She then pointed out that there are more ingredients in our vehicles than just software and hardware. They also include AI training data, and communications to remote services, for example. To date, combining this data has been a mostly manual effort, but the maturation of standards like SPDX are also encompassing more types of BOM data. From a Linux perspective, she pointed to several working groups including Elisa, Zepher RTOS, Xen for Hypervisor, and yocto) to expand BOM data to include create/tool-chain data, AI training data, and testing data, for example.
SBOM Hype Cycle
How the data from all these BOMs will come together, even with these working groups and standards, will take time and effort. As such, SBOMs will continue to struggle with scalability and relevancy issues that will slow SBOM adoption, predicts Chris Hughes, president of government security services firm, Aquia, and cyber innovation fellow at the CISA (Cybersecurity and Infrastructure Security Agency), where he focuses on software supply chain security.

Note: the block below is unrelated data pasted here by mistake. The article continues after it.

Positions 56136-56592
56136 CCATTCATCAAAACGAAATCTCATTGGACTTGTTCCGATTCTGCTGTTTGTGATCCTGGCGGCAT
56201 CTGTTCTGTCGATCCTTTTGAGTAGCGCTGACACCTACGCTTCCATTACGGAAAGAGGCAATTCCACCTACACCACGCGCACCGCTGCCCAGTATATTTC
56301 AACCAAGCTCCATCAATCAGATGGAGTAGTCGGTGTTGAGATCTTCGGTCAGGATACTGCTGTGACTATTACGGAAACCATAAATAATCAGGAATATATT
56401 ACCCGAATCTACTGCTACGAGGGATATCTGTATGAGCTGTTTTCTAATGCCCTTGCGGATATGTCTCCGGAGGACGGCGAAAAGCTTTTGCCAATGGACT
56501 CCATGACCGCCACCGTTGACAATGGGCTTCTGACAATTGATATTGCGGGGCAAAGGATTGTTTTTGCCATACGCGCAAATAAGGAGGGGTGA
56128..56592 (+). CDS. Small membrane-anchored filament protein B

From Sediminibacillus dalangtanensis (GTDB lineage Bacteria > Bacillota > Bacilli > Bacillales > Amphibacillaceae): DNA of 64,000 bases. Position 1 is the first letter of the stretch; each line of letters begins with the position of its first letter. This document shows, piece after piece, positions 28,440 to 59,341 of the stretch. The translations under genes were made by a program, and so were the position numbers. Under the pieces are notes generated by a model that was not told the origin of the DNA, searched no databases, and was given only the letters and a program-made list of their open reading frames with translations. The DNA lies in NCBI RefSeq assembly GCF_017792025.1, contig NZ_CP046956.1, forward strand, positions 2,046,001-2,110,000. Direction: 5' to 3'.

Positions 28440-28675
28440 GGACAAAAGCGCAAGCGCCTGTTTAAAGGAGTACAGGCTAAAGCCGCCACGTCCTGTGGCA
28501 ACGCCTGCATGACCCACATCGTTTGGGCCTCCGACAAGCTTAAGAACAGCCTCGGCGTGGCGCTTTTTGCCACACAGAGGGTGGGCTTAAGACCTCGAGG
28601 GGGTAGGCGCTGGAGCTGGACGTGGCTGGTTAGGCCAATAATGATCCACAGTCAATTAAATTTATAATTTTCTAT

“The industry continues to talk a lot about SBOMs, but no one is using them at scale or having comprehensive SBOMs aligned with guidance such as the NTIA minimum elements for an SBOM. The industry will continue to drown in vulnerabilities, with backlogs in the hundreds of thousands to millions as a result of vulnerable software. Some of this is the unintended result of shifting security left with testing and scanning, which produces findings that may or may not need to be acted upon,” he notes.
He adds that less than six percent of CVE’s are exploited, and predicts that SBOMs will include exploitability scores by aligning with resources like the CISA’s Known Exploited Vulnerabilities Catalog (KEV) and the Exploit Prediction Scoring System (EPSS). Focusing on exploitability, he adds, should provide context and reduce the noise of too many vulnerabilities, helping product developers and product buyers focus only on those vulnerabilities that matter.
That said, much work has been done to automate SBOM generation, while intermediaries have sprung up to manage and keep them current. The more mature intermediaries are already helping users of the SBOMs prioritize vulnerability remediation based on KEV and other vulnerability scoring exchanges. For example, see our post demonstrating such capabilities here.